All Articles Leadership Management Stop caring about your legacy

Stop caring about your legacy

Wake up each day and resolve to do better for yourself and others. The legacy, if meant to be, will follow.

7 min read


Credit: Pixabay

What will your legacy be? That’s a question we often ask of ourselves and, especially, of the famous when they depart the public stage or die.

We’ve written about legacy a couple of times on this blog in the context of leadership — how will your work with and for people be remembered and continued after you’re gone? Those posts are thoughtful and worth your time.

But I also want you to consider not worrying about legacy, or at least to worry about it less. You cannot dictate your legacy, after all, and when you are preoccupied with the future, you cannot be in the present.

When you’re consumed by thoughts of legacy, you’re likely to in a reactive manner, worried about how the world will view you. That’s if you act at all — many of us prefer the ease of “virtue signaling” over taking action and risk.

Now, legacy does matter and can be motivational. A life’s work, with its goals and challenges and achievements, can be anchored in the idea of “I am doing this for a reason, for a greater good.” Most of us care at least somewhat what people think of us, and so this peer pressure can, at its best, push us to be better than we might be otherwise (thus improving our legacy).

But worrying about legacy is counterproductive, futile and an act of hubris. Let’s take each problem with worrying about legacy separately.

  • Counterproductive. First, every moment of this worry means you’re not doing what you need to do. This anxiety can lead you to act differently than you normally would. Maybe this shift in behavior will aid your legacy, but it could also derail your progress and lead you to be reactive and fearful.

  • Futile. Second, you will never be able to secure your legacy. We continue to debate the Founding Fathers, as “Hamilton” has demonstrated. Albert Einstein’s legacy might seem written, but every time scientists test one of his theories, it’s reopened for editing. Margaret Thatcher’s impact will probably be contentious 50 or 75 years from now. For goodness’ sake, we are still deciding the Neanderthals’ legacy!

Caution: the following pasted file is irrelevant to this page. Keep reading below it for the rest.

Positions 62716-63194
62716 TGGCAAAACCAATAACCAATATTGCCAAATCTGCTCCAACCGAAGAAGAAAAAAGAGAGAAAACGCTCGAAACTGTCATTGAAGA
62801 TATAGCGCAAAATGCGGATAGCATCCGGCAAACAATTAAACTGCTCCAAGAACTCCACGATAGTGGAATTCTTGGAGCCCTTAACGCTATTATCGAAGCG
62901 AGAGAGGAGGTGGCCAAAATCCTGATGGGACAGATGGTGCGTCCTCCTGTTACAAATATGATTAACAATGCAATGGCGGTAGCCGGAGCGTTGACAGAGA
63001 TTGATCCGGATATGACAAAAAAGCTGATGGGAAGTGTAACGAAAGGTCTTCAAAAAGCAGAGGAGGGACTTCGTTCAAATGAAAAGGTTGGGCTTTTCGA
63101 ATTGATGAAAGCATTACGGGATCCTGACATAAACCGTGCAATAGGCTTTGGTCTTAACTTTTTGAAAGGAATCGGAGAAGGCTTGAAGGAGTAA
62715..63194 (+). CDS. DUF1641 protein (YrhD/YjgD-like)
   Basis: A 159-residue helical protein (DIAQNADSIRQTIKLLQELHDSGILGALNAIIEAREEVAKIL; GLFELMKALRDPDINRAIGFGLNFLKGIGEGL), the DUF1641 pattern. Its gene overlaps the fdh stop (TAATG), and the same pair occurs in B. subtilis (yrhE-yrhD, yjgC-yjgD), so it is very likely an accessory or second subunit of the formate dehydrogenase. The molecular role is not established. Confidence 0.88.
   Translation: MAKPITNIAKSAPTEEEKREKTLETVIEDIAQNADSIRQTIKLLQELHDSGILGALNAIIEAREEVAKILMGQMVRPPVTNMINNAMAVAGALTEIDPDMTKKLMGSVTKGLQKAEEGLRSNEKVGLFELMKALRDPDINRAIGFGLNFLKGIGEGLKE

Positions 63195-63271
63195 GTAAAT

• An act of hubris. How dare you assume you’ll be remembered? The blog Wait But Why? explored a timeline of famous people across fields through the past few millennia. There are a lot of names there. Now consider the billions of people who have lived over that span (and the billions now). Most are forgotten. You probably will be. So will I. (And so what?)

Legacies are also fleeting. We can see this in major historical figures. Chester A. Arthur was probably a big deal back when he was president and a longtime powerful political figure; he’s not forgotten now, but how many people know who he is and what his enduring legacies might be?

Think of someone like Louis Agassiz, one of the most famous and wide-ranging scientists of the mid-18th century in America. He certainly has a legacy in terms of his explorations, discoveries, observations about ice ages and his influence on those who came after him. But scientists have not aligned with him on his opposition to evolution and other philosophies underpinning his work, and you’ll probably not encounter him in your reading unless you dig deep.

And, of course, think of any retirement party, or of your great-great-grandparents. Those people certainly had legacies. The specifics of those legacies are probably lost.

None of this is a bad thing, and these people’s lives and accomplishments are not diminished. I would merely argue that, with only so much time and so much life to explore, that we not spend that time thinking about an unknowable and uncontrollable thing that doesn’t really matter.